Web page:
a. A solution that performs calculations based on data may be extracted and decoupled from the user interface to be reused in other solutions.


This section covers best practices related to application/solution management. These best practices includes deployment and management of solutions or code. It’s a best practice that all the custom solutions/code should be managed through a Version controlling system which can be accessed by all the developers. In market there are lots of tools are available which can be used for source controlling. Some of the examples are Team Foundation Server (TFS), Visual Source Safe (VSS), Sub Version (SVN) etc… Source control allows the custom solutions to be stored on a server which should be backed up to ensure that code is not lost in the case of a computer failure. The source control repository should be managed to ensure that naming standards are followed and permissions are delegated.


A Staging environment must be used to test all the functionality before moving to the production environment. In such kind of environment testers can test that custom solutions are not affecting other customizations on the SharePoint site or is there any missing functionality or not.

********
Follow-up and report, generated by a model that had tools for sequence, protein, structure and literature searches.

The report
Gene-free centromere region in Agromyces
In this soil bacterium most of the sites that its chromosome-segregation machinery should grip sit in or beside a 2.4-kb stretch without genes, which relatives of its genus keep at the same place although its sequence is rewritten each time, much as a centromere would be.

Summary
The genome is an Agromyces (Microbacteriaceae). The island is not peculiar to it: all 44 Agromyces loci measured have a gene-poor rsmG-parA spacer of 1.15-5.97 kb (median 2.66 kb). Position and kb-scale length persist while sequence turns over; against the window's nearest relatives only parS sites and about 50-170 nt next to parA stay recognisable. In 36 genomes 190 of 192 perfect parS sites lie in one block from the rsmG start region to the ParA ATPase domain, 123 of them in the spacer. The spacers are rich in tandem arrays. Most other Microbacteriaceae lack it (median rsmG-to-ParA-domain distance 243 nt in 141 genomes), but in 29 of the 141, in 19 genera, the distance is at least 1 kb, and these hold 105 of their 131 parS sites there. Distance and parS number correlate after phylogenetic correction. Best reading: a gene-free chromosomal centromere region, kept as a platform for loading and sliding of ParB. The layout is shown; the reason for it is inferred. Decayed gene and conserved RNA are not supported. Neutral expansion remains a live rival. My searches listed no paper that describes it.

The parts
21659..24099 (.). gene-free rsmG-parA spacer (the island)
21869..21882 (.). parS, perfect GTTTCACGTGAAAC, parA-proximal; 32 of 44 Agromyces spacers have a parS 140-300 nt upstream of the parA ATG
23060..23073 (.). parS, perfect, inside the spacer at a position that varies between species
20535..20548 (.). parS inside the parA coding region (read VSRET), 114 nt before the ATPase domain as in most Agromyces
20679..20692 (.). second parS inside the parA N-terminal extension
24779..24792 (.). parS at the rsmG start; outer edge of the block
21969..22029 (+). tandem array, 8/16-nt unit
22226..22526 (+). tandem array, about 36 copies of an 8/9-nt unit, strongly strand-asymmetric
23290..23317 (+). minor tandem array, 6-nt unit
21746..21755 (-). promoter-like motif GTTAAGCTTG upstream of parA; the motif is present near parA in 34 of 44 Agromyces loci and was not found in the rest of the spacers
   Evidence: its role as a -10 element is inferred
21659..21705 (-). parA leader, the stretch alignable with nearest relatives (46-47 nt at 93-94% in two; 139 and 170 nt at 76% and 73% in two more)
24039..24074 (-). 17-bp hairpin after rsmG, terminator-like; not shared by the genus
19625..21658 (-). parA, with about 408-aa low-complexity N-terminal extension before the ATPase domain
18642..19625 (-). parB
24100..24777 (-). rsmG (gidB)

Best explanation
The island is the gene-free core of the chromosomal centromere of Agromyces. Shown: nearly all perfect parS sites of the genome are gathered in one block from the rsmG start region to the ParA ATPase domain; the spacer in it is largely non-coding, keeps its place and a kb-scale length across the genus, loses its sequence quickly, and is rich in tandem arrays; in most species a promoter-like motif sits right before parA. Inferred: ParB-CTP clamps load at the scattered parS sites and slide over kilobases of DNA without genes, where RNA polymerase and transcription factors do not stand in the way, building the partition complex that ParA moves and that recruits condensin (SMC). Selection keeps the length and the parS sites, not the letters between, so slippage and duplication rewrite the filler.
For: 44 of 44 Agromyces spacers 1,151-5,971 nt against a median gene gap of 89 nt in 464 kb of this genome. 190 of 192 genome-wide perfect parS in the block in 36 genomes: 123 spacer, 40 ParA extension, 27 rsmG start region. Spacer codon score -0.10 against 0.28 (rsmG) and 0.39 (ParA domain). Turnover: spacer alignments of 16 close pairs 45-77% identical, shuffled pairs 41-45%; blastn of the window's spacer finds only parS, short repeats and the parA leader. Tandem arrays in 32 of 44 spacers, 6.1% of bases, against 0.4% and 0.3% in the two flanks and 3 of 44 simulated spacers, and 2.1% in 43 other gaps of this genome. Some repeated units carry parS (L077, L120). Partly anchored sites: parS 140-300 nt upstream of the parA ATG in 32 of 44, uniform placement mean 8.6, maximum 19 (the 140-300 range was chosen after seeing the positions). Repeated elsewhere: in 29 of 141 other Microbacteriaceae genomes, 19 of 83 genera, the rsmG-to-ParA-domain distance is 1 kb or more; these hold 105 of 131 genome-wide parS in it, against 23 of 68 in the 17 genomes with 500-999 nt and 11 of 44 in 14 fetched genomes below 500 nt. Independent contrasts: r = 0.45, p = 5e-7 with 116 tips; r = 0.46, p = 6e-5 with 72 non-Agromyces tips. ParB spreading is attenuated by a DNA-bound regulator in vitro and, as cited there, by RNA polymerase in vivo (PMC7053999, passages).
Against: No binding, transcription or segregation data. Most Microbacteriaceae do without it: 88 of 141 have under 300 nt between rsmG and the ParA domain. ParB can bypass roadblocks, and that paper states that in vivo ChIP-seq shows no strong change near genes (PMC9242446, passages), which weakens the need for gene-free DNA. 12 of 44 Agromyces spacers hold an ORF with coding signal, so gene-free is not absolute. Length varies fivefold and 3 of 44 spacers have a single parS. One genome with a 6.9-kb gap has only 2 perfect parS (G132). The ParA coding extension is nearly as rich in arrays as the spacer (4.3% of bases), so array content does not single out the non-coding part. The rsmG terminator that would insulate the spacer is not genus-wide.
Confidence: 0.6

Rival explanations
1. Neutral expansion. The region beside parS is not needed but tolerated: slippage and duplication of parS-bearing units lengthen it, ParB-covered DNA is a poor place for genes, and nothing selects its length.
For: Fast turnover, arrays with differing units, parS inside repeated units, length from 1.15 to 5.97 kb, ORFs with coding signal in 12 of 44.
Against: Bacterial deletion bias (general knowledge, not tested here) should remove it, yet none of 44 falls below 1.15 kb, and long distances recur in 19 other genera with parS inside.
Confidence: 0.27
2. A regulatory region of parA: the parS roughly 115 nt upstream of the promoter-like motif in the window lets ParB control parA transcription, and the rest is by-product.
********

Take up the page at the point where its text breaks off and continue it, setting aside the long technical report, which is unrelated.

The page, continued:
It’s a best practice that for deployment an administrator uses PowerShell commands to perform the actual deployment. There should be no manual deployment. For example, if an admin needs to deploy a master page or page layouts, then the administrator must include them in the solution package to deploy, instead of manually uploading these elements on the server. Manual Setup is never a good practices. If is there any kind of dependencies then those dependencies must get resolved first. For ex required list, required feature etc. PowerShell scripts should follow the steps similar to those that Visual Studio follows.

For example, first time deployment will have below sequence of commands:

• Add Solution

• Install Solution

• Install Feature

• Activate feature



Before moving to production, it’s necessary that our Custom solution passes all the code review tests. Code reviews help us to optimize the code and also it helps us to manage the consistency. There are two types of code review process:

1. Manual Review:

a. In Manual Code review, generally we checks the logic and for missing code.

b. For example, we have used try/catch blocks or not etc.

2. Automated Review

a. For automated code review there are different tools are available like StyleCop, FxCop etc.

b. These tools have number of rules designed, on the basis of those rules it analyzes C# code and displays different types of warnings. So it’s mandatory that we follow a detailed Code analyze and/or Code Review process after completing any type of development.